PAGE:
Ever hear the expression, “That’s Greek to me?”  In fact, nanotechnology is being used in today’s research into vaccines but how it’s going to work is Greek to me.  It seems that nanotechnology looks promising but in its earliest stage of development.  

The definition of nanotechnology is ”the branch of technology that deals with dimensions and tolerances of less than 100 nanometers, especially the manipulation of individual atoms and molecules” (according to Google and we all know Google is the world’s authority on everything).  Simply put, nanotechnology is a huge field dealing with tiny objects. Unfortunately, when someone mentions “nano” many people think of James Bond and saving the world from evil scientist and their nanobot attacks.  I’m sure evil scientist exist and will one day attack with the fruits of their evil labors (Covid?).  Fortunately, today’s vaccines are being developed by multiple of the world’s foremost pharmaceutical companies and scrutinized by governments and scientist worldwide.

In answer to the question I get most often, I look forward to being vaccinated against Covid.  I need to normalize my life as soon as possible.  However, I’m certain that I will mask even after receiving the vaccine.  Playing mask man to the rescue with Renee is fun!

Here’s your music and a joke.

Looks like the end of the world…

Is also made in China.

Two men are at the bar drinking, when all of a sudden, a breaking news report comes on. “Breaking news, the world will end in one week! According to top scientist a meteor will hit the Earth in 7 days!” The first man looks at his friend and say, “so what are you going to in your last days?” To this his friend replies, “fuck anything that moves, what about you?” the first man then says, “not move!”

Writer’s note:  My editor is under the weather, so this is an unedited publication.  Please refrain on commenting on my punctuation and spelling.


For forty years I lived in a protective bubble.  I was a practicing physician with all the privileges of a physician.   I was in a unique position that allowed me to judge other physicians in the community and as such, I knew who I could trust, their clinical prowess and, most of all, their “Care Factor.’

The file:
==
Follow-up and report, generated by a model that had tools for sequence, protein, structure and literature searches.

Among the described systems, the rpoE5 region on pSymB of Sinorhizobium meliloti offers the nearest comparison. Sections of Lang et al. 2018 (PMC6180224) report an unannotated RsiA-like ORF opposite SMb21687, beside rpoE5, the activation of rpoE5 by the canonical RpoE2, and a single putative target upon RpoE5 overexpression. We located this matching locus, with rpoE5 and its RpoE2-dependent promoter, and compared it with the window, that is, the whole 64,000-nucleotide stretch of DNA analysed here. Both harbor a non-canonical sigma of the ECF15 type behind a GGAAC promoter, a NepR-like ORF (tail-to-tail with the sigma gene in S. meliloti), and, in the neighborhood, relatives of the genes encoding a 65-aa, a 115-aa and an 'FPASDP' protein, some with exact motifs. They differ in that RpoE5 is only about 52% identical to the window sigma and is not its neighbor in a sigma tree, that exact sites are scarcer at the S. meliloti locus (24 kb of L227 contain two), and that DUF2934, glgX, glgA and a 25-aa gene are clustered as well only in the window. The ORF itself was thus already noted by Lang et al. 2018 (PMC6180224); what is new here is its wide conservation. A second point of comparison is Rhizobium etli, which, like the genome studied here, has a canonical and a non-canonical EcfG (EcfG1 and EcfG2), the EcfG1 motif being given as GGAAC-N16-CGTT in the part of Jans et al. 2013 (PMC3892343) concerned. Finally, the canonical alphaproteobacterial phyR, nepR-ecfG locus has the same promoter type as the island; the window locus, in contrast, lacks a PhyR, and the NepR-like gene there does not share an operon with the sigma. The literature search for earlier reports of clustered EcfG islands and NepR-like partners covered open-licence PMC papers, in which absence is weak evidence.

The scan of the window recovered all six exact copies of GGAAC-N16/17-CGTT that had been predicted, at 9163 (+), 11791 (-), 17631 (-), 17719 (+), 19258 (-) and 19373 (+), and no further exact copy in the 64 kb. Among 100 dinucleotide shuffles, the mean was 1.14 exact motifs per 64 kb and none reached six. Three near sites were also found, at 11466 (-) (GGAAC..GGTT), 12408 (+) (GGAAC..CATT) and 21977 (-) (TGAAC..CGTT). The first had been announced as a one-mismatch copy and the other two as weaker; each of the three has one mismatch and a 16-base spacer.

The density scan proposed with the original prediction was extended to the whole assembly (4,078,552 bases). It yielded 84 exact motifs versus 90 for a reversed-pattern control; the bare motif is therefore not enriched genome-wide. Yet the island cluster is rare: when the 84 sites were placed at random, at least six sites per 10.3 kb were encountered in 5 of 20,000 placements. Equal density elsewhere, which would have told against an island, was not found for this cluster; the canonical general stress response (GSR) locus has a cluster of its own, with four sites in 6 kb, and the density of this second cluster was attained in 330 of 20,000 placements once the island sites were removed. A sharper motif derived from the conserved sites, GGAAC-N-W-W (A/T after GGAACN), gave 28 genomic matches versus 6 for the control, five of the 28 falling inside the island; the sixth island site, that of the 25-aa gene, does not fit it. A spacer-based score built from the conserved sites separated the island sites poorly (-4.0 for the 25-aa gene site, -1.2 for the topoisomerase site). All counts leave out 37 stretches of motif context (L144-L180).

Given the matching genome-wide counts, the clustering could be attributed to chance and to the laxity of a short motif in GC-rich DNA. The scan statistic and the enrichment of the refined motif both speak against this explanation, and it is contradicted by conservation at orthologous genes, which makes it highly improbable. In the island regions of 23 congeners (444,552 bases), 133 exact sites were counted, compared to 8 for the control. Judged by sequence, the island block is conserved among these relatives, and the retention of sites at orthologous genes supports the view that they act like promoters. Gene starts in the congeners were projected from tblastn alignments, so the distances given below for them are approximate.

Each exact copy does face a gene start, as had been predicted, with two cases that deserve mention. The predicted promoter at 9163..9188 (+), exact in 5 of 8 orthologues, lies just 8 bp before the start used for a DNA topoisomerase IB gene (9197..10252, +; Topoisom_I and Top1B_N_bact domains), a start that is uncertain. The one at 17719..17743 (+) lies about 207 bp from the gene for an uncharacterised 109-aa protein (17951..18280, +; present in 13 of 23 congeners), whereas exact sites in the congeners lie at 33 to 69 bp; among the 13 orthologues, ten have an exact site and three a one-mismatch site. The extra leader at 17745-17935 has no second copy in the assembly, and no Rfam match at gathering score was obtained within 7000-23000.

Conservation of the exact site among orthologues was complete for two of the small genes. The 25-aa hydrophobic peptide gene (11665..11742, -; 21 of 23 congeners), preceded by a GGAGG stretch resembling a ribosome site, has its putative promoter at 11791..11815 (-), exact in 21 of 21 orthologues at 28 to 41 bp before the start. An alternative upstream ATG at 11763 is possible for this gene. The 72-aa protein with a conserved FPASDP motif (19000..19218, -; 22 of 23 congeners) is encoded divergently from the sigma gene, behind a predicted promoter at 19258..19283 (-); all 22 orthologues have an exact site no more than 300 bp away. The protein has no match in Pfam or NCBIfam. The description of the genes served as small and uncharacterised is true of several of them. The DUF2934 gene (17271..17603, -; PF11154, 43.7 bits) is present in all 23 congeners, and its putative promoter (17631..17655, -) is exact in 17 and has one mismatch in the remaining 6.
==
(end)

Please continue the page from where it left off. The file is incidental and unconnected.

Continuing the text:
“Care Factor” (CF) is a term I coined and of all the scales one could rate a physician on, the “Care Factor” was the most important.

When looking for a physician to care for my family or my patients, I needed a well-trained, experienced physician who cared about his/her patients above all else.  Moving to North Carolina burst my bubble.

I never realized how scary it was when you were sick and looking for a doc to take care of you especially when you did not know anyone in the community.  I never realized how difficult it was to assess a new doc’s “Care Factor” on first seeing them.  My former status as a practicing physician certainly helps in my assessment of my new medical family but I still find meeting a new doc to be a scary event.

Yesterday, I saw a new dermatologist, Dr C Julian.  I had met him at my son’s house on a prior visit to Atlanta and therefore had already assessed his abilities and “Care Factor.”  In his case, he exudes care.  There are some docs that, on first glance, obviously care about their patients and profession. I was lucky to find him and, when he wanted to excise a suspicious lesion, found it easy to say yes and sign the surgical permit.

When searching for a generalist/geriatrician, I admit that I was nervous on arriving at her office for the first visit.  In her case, the receptionist/nurse that greeted Renee and at the door, was remarkable.  She exuded warmth and care and my nervousness quickly dissipated.  Again, I was lucky that I found a physician that appeared to have a strong “Care Factor.”  Dr. Rosen also has mastered the art of listening.  “The Listening Factor” (LF), is a close second to the CF in its importance and ability to allay fear.